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close up of fabrics.

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In case you were wondering about the clowns, they are from my new quilt pattern. It will be published as soon as I get the time to sort out the printing.

Here’s a preview.

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The Trials, Tribulations and Triumphs of Chrissie Down Under.

6 Dec

I have finally started my Mckenna Ryan quilt. I think the one I have chosen – Chrissie Down Under – is probably one of the better ones for my purpose. It is a personal opinion but, art quilt or not, I cannot get my head round the idea of not actually sewing the shapes permanently onto the backing. The advice is to vacuum rather than wash but I guess that depends on how long you intend to use the quilt and, in the case of the Christmas one, whether it will suffer from storage or sticky fingers. I had ideas of ignoring the instructions and satin stitching the pieces on but there are so many layers on some of the pieces that I fear my Pfaff will rebel as it always does given too much bulk to deal with. I think the main problem is the layers of glue from the fusible web but whatever it is it may scupper my plans.

I would also say that these are not patterns for a beginner. This is not because they are complicated, although they are. If you have the determination and the discipline to practise and a modicum of common sense then I think most things in applique are possible. My main contention with this , and presumably her other patterns, is that they are printed on both sides of the pattern sheet. This may not seem a problem if you have not tried tracing them off but if, like me, you like to use a lightbox, it is very frustrating. It is not as if they are cheap and there is therefore a need to save paper to save money. It is not impossible to trace the pieces off but it is unnecessarily frustrating trying to sort out what is the outline of the piece being traced and having to turn the light box on and off in order to determine which side of the pattern it is on. As such it might put a beginner off applique in general.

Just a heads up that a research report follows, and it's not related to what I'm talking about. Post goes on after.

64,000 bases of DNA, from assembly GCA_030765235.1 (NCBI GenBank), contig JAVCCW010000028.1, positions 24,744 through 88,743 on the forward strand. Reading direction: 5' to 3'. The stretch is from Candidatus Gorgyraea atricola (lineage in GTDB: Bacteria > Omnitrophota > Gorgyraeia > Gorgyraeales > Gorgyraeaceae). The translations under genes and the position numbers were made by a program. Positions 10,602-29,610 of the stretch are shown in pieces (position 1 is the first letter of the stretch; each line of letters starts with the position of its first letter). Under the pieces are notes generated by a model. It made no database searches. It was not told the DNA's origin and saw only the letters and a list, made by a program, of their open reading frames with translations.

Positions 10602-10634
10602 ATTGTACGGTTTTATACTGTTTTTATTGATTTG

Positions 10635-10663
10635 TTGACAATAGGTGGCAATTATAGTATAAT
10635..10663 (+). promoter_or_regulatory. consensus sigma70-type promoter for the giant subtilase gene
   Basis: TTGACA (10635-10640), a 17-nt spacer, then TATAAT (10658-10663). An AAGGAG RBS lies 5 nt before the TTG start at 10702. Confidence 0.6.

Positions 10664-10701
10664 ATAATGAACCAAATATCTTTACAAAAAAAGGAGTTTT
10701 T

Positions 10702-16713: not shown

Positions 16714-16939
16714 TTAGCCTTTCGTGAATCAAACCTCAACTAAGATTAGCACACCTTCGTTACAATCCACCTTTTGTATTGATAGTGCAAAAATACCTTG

Despite the above I have just spent a pleasant couple of days tracing and fusing  blocks, at the same time  listening to  the new J.K. Rowling on my iPod. Whilst this would not be any good in the tradition of Dunbar of Catch 22 fame who liked to stay as bored as possible in order to live longer, the combination of the two makes the day fly past. Luckily this is not a problem as I have so many quilts still to make that I will have to live for ever in order to complete them or die in the attempt.

Here are the first three laid out ready to stitch. Having traced the shapes and fused them onto the various fabrics, if you follow the numerical or alphabetical order of the pieces they are actually easy to construct.

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I have not bought the fabrics recommended for the quilt partly because I have far too much fabric already and partly because I want to put my own stamp on it.